The Woolworths Museum


Fighting Dixons in 1986

Woolworth Holdings faces a challenge from the Curry's owner

Lukewarm investor feedback to the new Cornerstone Strategy at Woolworths led to changes at the top, with the appointment of new Directors drawn from across the industry. Mair Barnes from the House of Fraser took over as Commercial Director, alongside Mike Sommers at Marketing and Chris Ash. Their challenge was to establish a turnaround formula that could match the exponential growth of sister company B&Q.

Stanley (now Lord) Kalms, Chairman and MD of Dixons Stores Group, who led their hostile takeover bidBefore the ink on their new strategy could dry, it was put to a stern test when Stanley Kalms, the Chairman and MD of Dixons Stores Group launched a £1.8bn hostile takeover bid for Woolworth Holdings. The campaign was managed by his young Finance Director, Gerald Corbett. The ensuing weeks witnessed one of the roughest and toughest takeover battles of the era.

Kalms claimed that his rival was managed by accountants who were boosting profit through asset disposals rather than tackling the retailproposition, particularly at Woolworth. He believed the chain needed his unrivalled retail knowledge to get back on top.

 

The 1986 Board of Woolworths (Jonathan Weeks - Distribution, Mike Sommers - Marketing, Richard Harker - Retail, Colin Brown - Commercial, Don Rose - HR, Geoffrey Mulcahy (Chairman), David Defty - Finance, Mair Barnes - Commercial, Chris French - Systems, Roger Jones - Property and Administration)The battle centred firmly on the High Street stores. Kalms accepted Britain's anti-monopoly laws would probably force him to sell the Comet subsidiary, and described sales and profit progress at B&Q as "acceptable".

Woolworth lambasted Kalms for mis-managing previous acquisitions. It argued that Weston Pharmaceuticals, Barclay Fine Chemicals, Dixons Rinck, Barclay & Sons, Ascotts and ACE had all underperformed, and proved it was untrue that Kalms had never closed a store. While Kalms considered market conditions to be difficult "difficult", they had absorbed Superdrug quickly and profits were rocketing, in marked contrast to Westons.

 

A hording on the forecourt at Marylebone canvases investors to reject the Dixons offer for Woolworths, April 1986The Woolworth Group airship toured the City skyline, hoping to persuade investors to reject the Dixons takeover bid

A barage of anti-Dixons publicity declared their offer "inadequate". The poster campaign extended to a huge sign on the forecourt at Marylebone Road counting down the days left to reject the bid.

Just in case Fund Managers in the Square Mile had missed the message, Mulcahy even sent an airship to buzz their rooftops with his message of defiance.

 

The Woolworth Holdings Defence document set out the case against the Dixons takeover bidA Dixons storefront from 1986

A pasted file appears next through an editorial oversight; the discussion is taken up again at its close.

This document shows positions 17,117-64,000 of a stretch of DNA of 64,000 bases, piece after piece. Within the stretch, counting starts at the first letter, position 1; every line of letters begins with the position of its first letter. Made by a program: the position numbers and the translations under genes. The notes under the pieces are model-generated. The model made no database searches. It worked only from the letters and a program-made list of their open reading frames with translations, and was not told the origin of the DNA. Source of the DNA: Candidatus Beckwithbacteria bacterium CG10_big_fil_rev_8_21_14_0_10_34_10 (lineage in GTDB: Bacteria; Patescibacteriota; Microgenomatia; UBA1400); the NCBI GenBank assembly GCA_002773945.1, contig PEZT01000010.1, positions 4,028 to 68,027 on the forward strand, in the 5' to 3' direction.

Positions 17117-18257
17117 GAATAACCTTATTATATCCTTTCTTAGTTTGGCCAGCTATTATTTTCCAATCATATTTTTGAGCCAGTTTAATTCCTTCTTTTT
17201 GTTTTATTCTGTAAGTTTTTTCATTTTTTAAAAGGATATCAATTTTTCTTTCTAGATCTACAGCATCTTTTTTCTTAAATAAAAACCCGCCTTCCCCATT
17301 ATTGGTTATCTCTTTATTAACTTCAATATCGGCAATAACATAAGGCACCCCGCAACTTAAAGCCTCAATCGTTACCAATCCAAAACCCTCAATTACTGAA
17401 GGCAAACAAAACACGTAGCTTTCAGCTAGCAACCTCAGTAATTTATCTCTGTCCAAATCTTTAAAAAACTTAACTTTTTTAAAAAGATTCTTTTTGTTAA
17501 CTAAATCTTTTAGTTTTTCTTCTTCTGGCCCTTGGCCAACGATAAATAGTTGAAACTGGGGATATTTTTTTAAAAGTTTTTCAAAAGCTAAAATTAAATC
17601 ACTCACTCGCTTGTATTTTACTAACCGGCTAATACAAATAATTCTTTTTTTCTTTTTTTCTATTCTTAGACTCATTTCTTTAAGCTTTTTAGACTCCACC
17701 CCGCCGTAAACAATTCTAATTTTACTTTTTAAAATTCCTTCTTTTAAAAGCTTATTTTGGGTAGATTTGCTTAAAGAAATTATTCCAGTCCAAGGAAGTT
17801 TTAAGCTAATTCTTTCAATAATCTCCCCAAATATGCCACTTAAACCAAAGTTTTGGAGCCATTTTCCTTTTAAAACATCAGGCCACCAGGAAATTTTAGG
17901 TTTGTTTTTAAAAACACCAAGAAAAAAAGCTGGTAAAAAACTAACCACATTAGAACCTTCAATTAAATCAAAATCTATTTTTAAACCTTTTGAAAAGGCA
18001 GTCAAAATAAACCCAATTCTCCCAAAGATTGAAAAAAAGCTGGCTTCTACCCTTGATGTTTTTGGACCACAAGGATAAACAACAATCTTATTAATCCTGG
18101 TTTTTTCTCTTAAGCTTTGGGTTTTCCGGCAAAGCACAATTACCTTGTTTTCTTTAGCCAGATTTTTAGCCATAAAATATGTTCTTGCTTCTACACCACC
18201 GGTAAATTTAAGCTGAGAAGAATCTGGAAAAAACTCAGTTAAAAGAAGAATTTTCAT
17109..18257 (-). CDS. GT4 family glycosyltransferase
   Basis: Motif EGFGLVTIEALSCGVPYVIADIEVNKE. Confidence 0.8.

A defence document was issued to shareholders, setting out the early success of a new strategy at Woolworths called 'Focus'. Pilot stores, it claimed, were showing big increases in both sales and profit, with the store environment transformed and upgraded. There were similar successes in both B&Q and Comet.

 

Employee newspaper, featuring the Woolworths Group managers conference of 11 August 2006

The pièce de resistance of the campaign took place on 11 April 1986, when 2,000 Woolworth, Comet and B&Q Managers gathered at the Wembley Conference Centre, with every TV network invited.

In the speech of his life, Geoff Mulcahy declared "We are the independent, unbeatable team. Dixons say we have no retail experience - 30,000 years’ experience that is what we have in the room today. That loyalty, that total commitment to our strategy, that is what Stanley will find he’s fighting against, and that is why investors should reject this inadequate and misconceived offer." Viewers of the evening news saw the huge audience spontaneously rise and applaud for over ten minutes.

For reinforcement, both ITV and Channel Four carried carefully-crafted advert showing the new-look Woolworths for the first time. City Regulations prevented any mention of the bid-battle, but they still packed quite a punch.

Investors chose to give Woolworth the benefit of the doubt. Kalms had failed to secure the votes required. Three years later, Kingfisher turned the tables in a tit-for-tat bid. Despite obtaining shareholder approval, it was rejected by the Monopolies and Mergers Commission .

 

By way of an epilogue, fifteen years later three former Dixons Men took the helm of the demerged Woolworths Group. The Chairman, Gerald Corbett, CEO Trevor Bish-Jones and Operations Director Steve Lewis had all worked for Kalms. And, after seven years of their leadership, the stores vanished from the High Street. The Group had amassed debts of over £300m.